Change the title: "Der Housingbbble ist tod!".

Das End der Housingbubble ist Wagnerische.

So change the video!

The battle cry of the bubble bloggers in triumph

And in memory, the ultimate Liebestod---the love-death---of the great housing bubble

skianddive said...

How beautiful...

Metroplexual said...

I am reminded of Shawshank and what Red said. Wow she is perhaps the finest opera babe ever. Oh and Keith Rosanne Barr is more appro pos.

Anonymous said...

Kieth, Thank you for being so kind as to find such an attractive opera singer to fulfill the apropo idiom to toll the death knell of the housing/credit bubble. It takes some of the sting out of it all.

keith said...

I thought some of you would like that - she's my favorite diva - angela gheorghiu

Economic Despair said...

A beautiful piece of music, now tainted by its association with the housing bubble

Anonymous said...

She's not fat, I'd tap that, but I prefer to not hear that music, aauughgh.

whatdo i know said...

Sorry....I'm not sure which is more painful......listening to opera music or paying way too much on an adjustable rate mortgage for a rapidly depreciating mcmansion!

Stuck in So Pa said...

Thanks for the link Keith, I love ALL types of music (even opera)and she's a hottie!

Anonymous said...

Class and beauty!

Find that in any Rap or Hip Hop!

That was inspiringly beautiful!

a.creampuff said...

"It ain't over 'til the fat lady sings" is a Yogi Bera quote meaning you can't tell the outcome of a ballgame until the final inning. Since Kate Smith's recording of "God Bless America" was often played at the close of a game, it's assumed he was referring to her. Surely you guys knew this and forgot it.

foxwoodlief said...

The housing bubble is dead? Not until it pops, which hasn't happened yet. Define pop? When prices fall to the historic mean or below. Far from that point. The AZ Republic printed their "bubble" report and showed that even with some price declines during the 4th quarter of 2006 almost all Maricopa county prices showed an increase with Tonopah going up double digits in 2006, again showing that even in over-built Phoenix the market is so large that there are sub-markets within markets. Again, one shoe does not fit all!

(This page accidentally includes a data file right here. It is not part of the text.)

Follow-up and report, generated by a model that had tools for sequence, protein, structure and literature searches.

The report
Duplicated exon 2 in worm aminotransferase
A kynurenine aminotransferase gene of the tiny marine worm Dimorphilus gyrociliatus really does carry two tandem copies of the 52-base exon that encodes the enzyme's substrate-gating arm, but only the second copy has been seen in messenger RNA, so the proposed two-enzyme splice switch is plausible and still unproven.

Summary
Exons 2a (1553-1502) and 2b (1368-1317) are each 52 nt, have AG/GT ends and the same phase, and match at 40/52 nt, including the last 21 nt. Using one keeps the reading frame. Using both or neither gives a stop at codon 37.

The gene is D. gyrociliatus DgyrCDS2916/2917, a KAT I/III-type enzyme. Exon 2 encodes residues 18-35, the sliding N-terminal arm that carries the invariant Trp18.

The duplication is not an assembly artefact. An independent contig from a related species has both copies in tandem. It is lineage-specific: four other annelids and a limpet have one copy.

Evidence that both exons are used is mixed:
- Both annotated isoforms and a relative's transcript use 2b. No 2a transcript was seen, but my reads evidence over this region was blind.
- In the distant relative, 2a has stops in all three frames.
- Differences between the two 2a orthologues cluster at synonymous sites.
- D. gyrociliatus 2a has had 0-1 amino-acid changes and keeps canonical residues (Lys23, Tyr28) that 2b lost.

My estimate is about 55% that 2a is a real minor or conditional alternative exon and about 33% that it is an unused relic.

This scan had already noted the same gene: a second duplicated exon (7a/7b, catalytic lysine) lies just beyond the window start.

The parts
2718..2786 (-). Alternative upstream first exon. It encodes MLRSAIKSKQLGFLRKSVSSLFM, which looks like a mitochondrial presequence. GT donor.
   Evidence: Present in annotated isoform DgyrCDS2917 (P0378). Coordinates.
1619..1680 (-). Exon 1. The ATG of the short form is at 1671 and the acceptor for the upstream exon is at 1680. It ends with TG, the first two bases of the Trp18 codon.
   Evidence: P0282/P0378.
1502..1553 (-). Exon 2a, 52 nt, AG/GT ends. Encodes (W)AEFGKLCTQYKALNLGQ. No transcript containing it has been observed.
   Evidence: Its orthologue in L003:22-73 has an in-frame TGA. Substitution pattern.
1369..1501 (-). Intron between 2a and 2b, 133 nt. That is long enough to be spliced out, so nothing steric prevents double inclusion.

Lower prices? Do you really think they will? The builders say they'll lower prices by lowering "quality" and that isn't a price reduction. Just because a McDonald's cheeseburger cost the same for the past ten years doesn't mean it hasn't gotten smaller!

I think Austin is a good model of the future. They had their bubble run-up in 1990-2000 then the bust, lots laid off, lots of lost stock options, lots of homes went into foreclosure (mostly on the fringes and lower priced). Some areas you couldn't give homes away, other areas flat-lined for price, other areas continued to move up in price, and those who didn't have to sell....didn't as they weren't going to "give away their homes." Six years of stagnation and now the market has moved up some as prices appear lower (people never consider those Texas taxes) than other places now.

I'd say the biggest threat are those buyers who bought more than they could afford with those creative loans but for most with fixed loans or maybe ten year ARMs, they'll sit it out.

The house bubble dead? Not yet, maybe soon. Deflation or inflation, where will Bernake take us. For the man who said he'd drop dollars from helicopters before he'd allow deflation.....

Anonymous said...

Now that is talent, easy on the ears and eyes!


natural Ability!

A True gift!

What a pleasure!

Unlike anything else out there today!

Anonymous said...

Classic, as music is suppose to be!

Anonymous said...

Listen up fity, snoop, chili peppers!

You couldn't carry this womans sheet music!